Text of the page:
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WIU students share mixed feelings on evacuation procedures after shooting in residence hall

Students would not have been evacuated from their dorm rooms if the smoke alarm didn't go off. Instead, they would've been told to shelter in place.

MACOMB, Illinois — Tuesday night's shooting in Thompson Hall at Western Illinois University created a unique situation for administration, as different emergency protocols had to be followed. 

Since the smoke alarm went off right after the shooting, students were forced to evacuate their dorm rooms. Some students say they didn't realize the situation was more serious until they were outside. 

"We thought it was a normal alarm like usual, but when we saw the cops pull up and having the full battle rattle, it was a different story," Sophomore Diego Garcia-Sanchez says. "That's when iI new it wasn't the alarm, it was something else."

If the smoke alarm hadn't gone off, administration officials say they instead would've used the university's emergency alert system to warn students about the shooting. 

"Students would've been told to stay in the rooms and not leave until an 'All Clear' is received," Darcie Shinberger, Executive Director of Communications says.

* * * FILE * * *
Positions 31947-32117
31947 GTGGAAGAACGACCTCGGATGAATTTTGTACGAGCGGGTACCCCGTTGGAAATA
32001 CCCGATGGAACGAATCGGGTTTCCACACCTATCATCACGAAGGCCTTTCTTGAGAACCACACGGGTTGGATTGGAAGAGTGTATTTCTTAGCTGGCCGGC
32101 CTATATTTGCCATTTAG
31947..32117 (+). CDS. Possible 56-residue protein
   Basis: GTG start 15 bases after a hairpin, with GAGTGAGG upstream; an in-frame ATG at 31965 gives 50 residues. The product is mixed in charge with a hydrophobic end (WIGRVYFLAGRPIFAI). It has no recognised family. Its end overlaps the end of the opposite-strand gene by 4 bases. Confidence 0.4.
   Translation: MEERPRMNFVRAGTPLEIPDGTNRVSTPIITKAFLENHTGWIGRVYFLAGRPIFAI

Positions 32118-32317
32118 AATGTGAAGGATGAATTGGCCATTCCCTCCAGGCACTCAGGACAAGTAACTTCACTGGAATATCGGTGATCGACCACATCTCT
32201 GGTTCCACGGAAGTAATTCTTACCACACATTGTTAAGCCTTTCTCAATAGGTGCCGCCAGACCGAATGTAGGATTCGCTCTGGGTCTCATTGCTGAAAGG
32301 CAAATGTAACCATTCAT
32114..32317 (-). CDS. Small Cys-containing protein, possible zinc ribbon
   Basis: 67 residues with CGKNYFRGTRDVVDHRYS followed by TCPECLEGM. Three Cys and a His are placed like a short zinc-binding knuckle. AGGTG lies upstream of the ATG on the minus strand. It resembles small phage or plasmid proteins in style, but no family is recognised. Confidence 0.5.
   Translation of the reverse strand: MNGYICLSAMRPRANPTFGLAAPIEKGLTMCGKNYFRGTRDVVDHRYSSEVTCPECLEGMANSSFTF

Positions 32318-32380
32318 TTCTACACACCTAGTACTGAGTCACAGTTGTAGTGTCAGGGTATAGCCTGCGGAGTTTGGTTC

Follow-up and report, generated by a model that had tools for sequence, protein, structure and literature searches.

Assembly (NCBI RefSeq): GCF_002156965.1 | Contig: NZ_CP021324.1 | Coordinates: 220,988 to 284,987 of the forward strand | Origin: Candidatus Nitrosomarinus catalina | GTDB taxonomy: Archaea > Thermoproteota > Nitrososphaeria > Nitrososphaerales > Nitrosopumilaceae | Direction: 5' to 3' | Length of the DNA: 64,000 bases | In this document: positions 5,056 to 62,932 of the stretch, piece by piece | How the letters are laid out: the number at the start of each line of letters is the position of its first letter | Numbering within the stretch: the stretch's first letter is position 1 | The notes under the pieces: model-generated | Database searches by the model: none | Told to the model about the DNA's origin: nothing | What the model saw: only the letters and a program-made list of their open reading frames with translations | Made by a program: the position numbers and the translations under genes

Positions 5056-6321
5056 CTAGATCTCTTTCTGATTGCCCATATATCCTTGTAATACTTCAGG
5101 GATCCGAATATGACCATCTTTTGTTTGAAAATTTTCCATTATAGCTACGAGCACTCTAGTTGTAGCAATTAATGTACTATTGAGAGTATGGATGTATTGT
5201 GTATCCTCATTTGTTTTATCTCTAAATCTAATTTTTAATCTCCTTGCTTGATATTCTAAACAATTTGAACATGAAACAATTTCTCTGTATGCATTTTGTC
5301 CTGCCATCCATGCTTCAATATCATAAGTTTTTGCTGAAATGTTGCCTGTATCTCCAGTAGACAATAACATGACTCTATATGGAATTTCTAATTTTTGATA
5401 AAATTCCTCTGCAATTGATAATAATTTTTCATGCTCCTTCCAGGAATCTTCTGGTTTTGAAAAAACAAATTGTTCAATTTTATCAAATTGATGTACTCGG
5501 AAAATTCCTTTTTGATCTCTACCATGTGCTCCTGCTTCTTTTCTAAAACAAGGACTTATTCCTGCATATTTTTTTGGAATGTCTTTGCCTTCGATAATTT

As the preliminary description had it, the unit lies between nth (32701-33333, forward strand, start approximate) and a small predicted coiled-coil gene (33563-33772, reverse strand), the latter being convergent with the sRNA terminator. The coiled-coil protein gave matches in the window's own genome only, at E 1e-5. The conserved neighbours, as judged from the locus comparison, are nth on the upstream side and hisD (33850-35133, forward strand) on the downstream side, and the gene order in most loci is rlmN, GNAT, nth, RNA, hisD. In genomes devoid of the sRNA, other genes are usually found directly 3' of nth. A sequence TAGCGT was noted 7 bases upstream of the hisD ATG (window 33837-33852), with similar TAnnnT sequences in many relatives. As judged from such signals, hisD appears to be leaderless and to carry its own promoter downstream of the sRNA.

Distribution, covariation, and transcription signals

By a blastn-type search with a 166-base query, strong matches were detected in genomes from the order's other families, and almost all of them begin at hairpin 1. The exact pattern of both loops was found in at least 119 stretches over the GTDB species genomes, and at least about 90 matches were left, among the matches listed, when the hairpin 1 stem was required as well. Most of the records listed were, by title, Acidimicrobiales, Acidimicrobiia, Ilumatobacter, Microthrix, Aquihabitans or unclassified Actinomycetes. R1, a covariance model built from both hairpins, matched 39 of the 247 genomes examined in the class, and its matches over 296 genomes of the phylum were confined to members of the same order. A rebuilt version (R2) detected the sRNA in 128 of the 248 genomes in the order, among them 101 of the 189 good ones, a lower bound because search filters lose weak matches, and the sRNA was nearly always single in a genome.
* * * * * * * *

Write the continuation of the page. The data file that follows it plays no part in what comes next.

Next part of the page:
Some students say they wish they weren't evacuated from their dorm rooms. 

"We would've been more secure instead of all of us coming out at the same time as the shooter," Garcia-Sanchez says. "He probably came out with us." 

"It was definitely unsafe," Junior Rajat Kapoor says. This is supposed to be the safest building around here... it was scary and surprising for everyone."

Other students disagree.

"It was really remarkable to see (the police) come together as a team," Sophomore Charlie Janes says. "I felt safer there with the police than another dorm. I felt that I was protected." 

About 1,000 students were evacuated from Thompson Hall and were able to take shelter in Western Hall until about 3:30 A.M., when they were allowed back inside the residence hall. Campus police were stationed near Thompson Hall throughout the day, questioning people and drivers entering the building. 

It is also university policy to close campus buildings and cancel classes in the event of an emergency. 

"(Students) can go about their business," Shinberger says. "We are encouraging them to stay put (Wednesday) to keep people off campus and safely in their rooms." 

Now that the suspect is in custody, classes will resume Thursday, September 17th. Campus buildings will stay closed through Wednesday and residence halls will remain locked through the weekend as a precaution.

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